Powell Fights to Walk Back Fed’s Inflation Fear
(Bloomberg Opinion) -- Federal Reserve Chair Jerome Powell made an almost lawyerly case last month that the sharp pickup in U.S. inflation was temporary. Judging by the central bank’s latest decision, he hasn’t yet managed to persuade his fellow Fed officials.
Policy makers signaled through their updated “dot plot” forecast of the fed funds rate that they’re evenly divided about whether to raise the short-term benchmark next year. That’s a shift from June, when 11 of 18 officials expected to leave it unchanged in the current range of 0% to 0.25%. What’s more, the median expectation is now for the rate to climb to 1% and 1.75% at the end of 2023 and 2024, respectively. Depending on when liftoff from the zero lower bound actually happens, that implies a tightening path that isn’t much different from the gradual pace of the last cycle, even though the Powell-led Fed has gone to great lengths to emphasize its new policy framework and its stringent requirements to raise interest rates.
The reason for this shift is straightforward: Just look at expectations for the core personal consumption expenditures price index. The median forecast among Fed officials for core PCE is 3.7% in 2021, 2.3% in 2022, 2.2% in 2023 and 2.1% in 2024. That’s not vastly higher than the central bank’s 2% target — but that’s not the criteria that the Federal Open Market Committee has described. To raise rates, as Powell has outlined countless times, inflation must reach 2% and be “on track to moderately exceed 2% for some time.” Current projections fit the bill. While “maximum employment” is less clearly defined, policy makers see the unemployment rate falling to the lowest estimate of the longer-run rate, 3.5%, by 2023 as well.
This all leans hawkish. Heading into the Fed decision, eurodollar futures were pricing in about five quarter-point interest-rate increases from now until the end of 2024. Expectations continued to climb after the decision. In the Treasury market, yields on three- and five-year notes increased while those on 10- and 30-year securities fell, flattening U.S. curves.
Powell, as is customary at his press conferences, sought to downplay any concerns about tighter policy. “Those are very modest overshoots,” he said of the inflation forecasts. “I don’t think households are going to notice a couple of tenths of an overshoot.”
That could prove to be too flippant. Inflation far in excess of 2% certainly seems to be influencing Americans’ views on price growth. As I noted last week, the New York Fed’s August survey of consumer expectations showed the median expected inflation rate over the next three years — that is to say, through mid-2024 — is 4%, the highest ever in data going back to 2013. The outlook over the next year is for crucial categories such as rent, medical costs and gasoline to increase in price by more than 9%. Powell was directly asked about this survey and mostly downplayed it.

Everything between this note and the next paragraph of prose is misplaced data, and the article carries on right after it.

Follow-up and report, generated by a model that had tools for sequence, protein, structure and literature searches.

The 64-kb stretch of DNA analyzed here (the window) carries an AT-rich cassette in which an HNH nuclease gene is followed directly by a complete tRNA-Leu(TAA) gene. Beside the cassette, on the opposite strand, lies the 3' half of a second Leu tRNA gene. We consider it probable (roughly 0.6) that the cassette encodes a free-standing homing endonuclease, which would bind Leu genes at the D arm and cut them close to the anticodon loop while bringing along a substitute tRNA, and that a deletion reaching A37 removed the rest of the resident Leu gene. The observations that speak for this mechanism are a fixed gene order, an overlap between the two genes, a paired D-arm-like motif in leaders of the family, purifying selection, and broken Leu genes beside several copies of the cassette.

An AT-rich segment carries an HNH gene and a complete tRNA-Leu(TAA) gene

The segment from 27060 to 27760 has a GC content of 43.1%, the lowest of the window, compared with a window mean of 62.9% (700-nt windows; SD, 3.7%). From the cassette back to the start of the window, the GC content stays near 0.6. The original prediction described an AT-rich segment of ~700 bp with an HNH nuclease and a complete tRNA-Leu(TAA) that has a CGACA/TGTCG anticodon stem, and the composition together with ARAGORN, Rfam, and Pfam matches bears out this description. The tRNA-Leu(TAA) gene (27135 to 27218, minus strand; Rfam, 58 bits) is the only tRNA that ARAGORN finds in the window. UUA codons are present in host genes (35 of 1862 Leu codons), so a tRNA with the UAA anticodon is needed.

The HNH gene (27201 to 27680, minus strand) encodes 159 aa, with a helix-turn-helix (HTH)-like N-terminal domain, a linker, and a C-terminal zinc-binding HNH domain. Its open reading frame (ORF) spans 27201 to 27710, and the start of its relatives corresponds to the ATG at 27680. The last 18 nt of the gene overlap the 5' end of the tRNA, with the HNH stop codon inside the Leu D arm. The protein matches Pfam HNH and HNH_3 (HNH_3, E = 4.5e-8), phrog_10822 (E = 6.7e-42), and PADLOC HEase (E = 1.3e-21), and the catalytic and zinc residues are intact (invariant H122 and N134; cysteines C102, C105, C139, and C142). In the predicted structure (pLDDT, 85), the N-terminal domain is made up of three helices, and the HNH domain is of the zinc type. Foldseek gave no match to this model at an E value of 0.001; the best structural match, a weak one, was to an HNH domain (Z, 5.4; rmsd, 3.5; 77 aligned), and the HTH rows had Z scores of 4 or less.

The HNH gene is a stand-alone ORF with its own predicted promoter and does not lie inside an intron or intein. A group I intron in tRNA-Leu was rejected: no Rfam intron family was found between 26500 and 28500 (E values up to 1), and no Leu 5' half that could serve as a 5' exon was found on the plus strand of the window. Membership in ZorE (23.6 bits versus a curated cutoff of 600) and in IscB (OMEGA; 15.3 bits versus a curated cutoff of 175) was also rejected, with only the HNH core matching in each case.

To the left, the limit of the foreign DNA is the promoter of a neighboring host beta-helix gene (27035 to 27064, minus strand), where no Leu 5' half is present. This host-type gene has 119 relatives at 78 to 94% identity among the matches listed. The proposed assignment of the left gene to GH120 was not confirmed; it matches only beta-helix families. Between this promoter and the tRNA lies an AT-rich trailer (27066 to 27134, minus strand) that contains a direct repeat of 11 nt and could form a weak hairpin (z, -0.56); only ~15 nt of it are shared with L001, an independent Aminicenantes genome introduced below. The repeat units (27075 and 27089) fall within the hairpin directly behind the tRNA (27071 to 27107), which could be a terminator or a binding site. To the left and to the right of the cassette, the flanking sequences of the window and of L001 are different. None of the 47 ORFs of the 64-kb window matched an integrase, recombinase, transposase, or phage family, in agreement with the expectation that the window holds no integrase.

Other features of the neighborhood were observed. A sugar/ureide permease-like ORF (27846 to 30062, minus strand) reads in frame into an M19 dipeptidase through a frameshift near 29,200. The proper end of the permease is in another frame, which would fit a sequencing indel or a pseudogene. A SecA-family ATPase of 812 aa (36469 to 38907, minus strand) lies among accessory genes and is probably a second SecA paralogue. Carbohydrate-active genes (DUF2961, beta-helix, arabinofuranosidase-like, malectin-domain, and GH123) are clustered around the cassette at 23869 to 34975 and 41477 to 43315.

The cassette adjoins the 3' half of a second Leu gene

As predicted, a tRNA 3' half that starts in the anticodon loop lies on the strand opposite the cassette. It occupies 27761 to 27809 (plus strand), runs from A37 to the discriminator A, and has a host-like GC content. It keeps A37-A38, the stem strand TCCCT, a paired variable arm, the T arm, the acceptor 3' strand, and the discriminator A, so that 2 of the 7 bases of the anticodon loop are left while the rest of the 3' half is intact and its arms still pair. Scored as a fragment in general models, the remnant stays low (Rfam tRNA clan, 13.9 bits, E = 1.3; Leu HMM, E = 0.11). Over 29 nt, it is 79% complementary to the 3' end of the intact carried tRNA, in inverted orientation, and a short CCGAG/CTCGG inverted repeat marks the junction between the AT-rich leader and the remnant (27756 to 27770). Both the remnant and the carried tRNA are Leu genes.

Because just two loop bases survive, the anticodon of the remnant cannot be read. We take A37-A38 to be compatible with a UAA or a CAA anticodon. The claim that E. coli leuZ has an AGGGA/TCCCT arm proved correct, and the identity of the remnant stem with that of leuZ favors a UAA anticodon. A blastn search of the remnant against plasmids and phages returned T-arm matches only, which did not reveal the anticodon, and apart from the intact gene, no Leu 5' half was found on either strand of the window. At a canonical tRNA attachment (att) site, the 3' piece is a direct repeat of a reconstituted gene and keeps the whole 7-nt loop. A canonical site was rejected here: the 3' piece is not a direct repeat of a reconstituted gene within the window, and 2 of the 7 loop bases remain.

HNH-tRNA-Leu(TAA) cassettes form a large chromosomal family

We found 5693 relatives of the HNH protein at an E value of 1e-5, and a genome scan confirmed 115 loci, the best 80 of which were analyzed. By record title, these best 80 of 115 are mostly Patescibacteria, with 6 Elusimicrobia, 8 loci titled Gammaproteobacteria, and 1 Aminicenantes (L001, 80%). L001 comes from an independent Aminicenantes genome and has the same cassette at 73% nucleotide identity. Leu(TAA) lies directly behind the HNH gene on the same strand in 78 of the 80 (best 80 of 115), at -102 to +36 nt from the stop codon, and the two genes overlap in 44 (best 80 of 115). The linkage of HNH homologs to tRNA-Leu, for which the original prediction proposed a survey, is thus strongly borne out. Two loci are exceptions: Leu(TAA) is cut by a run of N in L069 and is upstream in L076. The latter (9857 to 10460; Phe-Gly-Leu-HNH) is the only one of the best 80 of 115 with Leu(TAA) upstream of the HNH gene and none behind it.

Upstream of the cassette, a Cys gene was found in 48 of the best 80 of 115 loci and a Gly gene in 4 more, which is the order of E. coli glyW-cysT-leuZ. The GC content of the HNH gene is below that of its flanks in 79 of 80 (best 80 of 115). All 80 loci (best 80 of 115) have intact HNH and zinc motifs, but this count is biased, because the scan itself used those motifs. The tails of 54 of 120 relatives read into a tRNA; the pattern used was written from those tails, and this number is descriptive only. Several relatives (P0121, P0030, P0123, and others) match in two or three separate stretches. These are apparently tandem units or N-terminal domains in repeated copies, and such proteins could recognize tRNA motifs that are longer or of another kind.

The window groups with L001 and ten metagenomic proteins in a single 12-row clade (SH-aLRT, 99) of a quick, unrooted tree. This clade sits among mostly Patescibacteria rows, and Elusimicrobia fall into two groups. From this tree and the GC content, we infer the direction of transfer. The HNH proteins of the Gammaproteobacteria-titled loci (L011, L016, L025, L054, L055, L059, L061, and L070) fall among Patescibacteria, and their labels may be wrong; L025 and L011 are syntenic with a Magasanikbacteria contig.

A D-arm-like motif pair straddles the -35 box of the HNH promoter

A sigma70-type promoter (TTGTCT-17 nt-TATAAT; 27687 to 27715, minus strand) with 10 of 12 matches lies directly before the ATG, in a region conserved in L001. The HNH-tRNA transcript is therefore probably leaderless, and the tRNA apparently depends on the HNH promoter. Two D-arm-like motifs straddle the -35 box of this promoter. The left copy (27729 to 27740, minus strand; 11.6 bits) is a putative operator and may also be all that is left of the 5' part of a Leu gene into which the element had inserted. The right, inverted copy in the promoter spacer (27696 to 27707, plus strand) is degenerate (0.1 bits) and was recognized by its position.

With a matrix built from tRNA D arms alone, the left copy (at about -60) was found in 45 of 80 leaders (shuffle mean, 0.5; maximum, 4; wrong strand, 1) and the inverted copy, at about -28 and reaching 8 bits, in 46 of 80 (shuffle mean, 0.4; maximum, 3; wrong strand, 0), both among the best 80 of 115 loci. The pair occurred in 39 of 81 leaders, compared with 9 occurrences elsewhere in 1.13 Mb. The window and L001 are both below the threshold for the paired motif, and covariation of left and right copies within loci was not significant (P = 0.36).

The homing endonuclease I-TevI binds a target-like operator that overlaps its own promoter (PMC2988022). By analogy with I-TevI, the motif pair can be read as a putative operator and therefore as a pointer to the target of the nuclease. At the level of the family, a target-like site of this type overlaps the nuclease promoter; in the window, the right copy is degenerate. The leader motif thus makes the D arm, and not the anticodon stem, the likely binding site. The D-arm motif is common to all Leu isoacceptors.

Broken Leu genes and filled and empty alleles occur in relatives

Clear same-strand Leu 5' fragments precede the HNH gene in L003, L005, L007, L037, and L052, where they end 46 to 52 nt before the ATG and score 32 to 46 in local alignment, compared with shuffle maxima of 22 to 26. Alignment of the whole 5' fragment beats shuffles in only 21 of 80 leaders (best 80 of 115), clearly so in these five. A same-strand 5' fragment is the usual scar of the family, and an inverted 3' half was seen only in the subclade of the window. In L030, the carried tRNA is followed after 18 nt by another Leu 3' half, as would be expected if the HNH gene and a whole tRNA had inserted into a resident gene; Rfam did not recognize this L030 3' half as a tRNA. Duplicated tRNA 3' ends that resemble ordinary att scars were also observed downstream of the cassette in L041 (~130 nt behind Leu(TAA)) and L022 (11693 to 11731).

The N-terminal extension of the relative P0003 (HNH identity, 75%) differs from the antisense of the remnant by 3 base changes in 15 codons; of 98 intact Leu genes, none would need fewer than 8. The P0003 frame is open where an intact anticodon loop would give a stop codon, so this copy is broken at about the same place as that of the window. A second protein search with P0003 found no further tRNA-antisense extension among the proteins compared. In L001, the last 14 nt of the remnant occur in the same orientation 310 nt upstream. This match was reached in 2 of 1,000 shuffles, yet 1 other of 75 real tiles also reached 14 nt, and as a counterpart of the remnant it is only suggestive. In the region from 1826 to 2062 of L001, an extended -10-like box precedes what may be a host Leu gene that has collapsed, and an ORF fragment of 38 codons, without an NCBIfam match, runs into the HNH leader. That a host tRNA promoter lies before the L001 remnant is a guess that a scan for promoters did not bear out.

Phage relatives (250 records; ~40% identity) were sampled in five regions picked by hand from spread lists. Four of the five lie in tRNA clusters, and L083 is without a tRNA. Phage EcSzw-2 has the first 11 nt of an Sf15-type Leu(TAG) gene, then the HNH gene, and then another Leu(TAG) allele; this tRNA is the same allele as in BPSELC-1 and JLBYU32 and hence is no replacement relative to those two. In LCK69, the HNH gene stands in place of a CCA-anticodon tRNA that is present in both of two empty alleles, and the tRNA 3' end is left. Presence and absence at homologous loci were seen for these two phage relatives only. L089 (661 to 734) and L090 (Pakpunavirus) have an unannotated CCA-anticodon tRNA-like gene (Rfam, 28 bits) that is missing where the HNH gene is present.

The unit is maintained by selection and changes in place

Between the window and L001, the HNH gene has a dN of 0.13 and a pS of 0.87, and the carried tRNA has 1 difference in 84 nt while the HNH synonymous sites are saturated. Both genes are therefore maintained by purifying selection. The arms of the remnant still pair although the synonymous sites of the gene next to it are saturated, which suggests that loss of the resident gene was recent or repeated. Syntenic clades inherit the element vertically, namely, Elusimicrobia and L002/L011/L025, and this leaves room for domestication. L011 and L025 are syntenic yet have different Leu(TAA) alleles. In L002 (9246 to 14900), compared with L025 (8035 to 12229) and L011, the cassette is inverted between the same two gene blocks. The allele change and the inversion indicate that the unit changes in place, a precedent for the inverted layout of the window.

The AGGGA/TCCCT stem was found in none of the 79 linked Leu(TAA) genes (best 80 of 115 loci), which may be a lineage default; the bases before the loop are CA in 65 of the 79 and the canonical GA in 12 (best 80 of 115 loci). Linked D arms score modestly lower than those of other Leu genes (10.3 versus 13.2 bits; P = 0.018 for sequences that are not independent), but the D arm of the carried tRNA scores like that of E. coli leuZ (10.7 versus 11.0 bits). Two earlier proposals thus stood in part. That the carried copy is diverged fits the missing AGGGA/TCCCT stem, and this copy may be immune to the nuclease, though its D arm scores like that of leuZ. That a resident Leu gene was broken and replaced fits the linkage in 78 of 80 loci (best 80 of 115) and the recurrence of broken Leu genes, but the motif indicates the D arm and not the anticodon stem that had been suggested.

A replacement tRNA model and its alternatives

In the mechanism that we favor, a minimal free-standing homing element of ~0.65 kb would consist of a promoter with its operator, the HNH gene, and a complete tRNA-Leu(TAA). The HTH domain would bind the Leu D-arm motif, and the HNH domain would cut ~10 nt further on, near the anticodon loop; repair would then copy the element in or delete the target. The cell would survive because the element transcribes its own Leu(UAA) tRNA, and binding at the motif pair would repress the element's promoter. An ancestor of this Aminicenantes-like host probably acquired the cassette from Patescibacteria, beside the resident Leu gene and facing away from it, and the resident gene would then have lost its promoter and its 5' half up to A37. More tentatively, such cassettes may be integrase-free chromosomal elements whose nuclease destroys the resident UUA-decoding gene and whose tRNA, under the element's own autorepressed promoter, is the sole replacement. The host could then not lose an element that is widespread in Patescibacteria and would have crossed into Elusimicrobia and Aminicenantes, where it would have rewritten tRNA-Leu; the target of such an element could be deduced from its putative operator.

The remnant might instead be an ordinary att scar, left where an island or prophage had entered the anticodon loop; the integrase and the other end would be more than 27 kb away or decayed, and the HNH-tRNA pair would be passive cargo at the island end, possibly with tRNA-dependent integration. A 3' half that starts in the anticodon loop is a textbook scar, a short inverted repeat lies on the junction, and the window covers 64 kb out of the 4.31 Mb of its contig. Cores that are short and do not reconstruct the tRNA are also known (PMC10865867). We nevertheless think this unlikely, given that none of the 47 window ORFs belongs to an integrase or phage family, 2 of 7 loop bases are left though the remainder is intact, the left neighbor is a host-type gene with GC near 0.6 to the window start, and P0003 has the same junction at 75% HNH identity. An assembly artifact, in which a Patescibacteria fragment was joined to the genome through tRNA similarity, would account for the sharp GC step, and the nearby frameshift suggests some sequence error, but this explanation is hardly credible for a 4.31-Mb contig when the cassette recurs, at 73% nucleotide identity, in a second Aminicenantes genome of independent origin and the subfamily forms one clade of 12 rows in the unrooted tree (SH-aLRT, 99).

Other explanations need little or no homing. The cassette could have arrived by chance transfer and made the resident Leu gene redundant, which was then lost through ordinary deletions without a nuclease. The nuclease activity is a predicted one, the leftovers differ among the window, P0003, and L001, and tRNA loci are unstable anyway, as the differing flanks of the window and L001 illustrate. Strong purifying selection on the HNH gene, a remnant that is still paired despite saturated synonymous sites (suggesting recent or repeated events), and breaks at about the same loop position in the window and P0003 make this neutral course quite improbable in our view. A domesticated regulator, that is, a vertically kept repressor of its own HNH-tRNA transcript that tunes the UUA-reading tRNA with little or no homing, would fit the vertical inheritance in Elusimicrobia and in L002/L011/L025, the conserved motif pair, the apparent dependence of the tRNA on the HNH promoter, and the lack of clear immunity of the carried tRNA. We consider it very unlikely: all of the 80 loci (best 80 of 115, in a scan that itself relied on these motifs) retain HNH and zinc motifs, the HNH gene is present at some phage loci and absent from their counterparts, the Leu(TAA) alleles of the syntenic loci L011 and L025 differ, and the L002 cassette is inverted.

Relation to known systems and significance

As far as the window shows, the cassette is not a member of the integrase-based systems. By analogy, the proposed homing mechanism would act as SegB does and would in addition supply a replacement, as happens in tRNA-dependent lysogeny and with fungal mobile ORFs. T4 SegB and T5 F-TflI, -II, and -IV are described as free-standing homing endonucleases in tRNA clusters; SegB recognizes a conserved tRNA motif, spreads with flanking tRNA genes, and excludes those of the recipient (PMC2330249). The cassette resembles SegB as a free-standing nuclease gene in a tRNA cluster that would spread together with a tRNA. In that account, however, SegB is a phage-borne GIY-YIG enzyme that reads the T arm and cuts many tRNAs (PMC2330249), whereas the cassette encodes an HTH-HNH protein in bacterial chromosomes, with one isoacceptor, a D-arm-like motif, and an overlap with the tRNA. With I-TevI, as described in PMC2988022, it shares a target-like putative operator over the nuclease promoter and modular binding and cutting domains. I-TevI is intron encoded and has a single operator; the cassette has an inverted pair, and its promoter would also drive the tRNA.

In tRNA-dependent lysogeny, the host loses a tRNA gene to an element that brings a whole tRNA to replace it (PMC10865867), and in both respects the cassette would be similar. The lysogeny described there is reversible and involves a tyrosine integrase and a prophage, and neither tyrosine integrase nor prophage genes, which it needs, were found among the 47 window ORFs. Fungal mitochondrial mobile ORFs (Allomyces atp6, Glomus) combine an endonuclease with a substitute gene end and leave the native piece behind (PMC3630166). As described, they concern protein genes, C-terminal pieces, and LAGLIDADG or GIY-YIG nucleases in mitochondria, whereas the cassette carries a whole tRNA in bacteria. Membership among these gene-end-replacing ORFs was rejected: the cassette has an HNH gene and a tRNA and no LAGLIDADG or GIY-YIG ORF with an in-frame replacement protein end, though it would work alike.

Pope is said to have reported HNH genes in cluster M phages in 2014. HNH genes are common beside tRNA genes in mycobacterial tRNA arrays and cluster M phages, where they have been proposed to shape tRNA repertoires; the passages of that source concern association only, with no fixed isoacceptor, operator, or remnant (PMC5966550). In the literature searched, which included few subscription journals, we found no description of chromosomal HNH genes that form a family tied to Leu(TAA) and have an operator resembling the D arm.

Of course, Powell may have it right. In his speech at the Jackson Hole economic policy symposium, he highlighted the lack of broad-based inflation pressure as well as moderating price growth in goods such as used cars, sweeping measures of wage growth not yet overheating and the general global disinflationary forces over the past 25 years as reasons to expect a reversion back to modest inflation. Consistent with this, the Fed’s unanimous policy statement says elevated price growth is “largely reflecting transitory factors.”
Still, the dot plot is so firmly hawkish that it made the central bank’s move closer to reducing its $120 billion of monthly bond purchases something of an afterthought. “If progress continues broadly as expected, the Committee judges that a moderation in the pace of asset purchases may soon be warranted,” the statement said. The word “soon” is often code for “next meeting,” and, indeed, Powell made clear that all he’d need to see is a “decent employment report” for September to get him to the point at which he’d be ready to start tapering in November. He added that the process could end by the middle of next year.
After the Fed’s meeting in June, I questioned why bond traders care so much about the dot plot, given that the central bank’s new framework purportedly uses outcome-based decisions. It’s possible — and perhaps even likely, judging by the last cycle — that officials are too quick to start penciling in interest-rate increases.
For now, it’s hard to read the move higher in the dot plot as anything other than many policy makers acknowledging the risk that they could be wrong about inflation reverting back to form. If it does, then Fed officials will again look too eager to tighten. If this period of price growth is longer-lasting, however, the dots might not be quite as useless as they seem.
This column does not necessarily reflect the opinion of the editorial board or Bloomberg LP and its owners.
Brian Chappatta is a Bloomberg Opinion columnist covering debt markets. He previously covered bonds for Bloomberg News. He is also a CFA charterholder.
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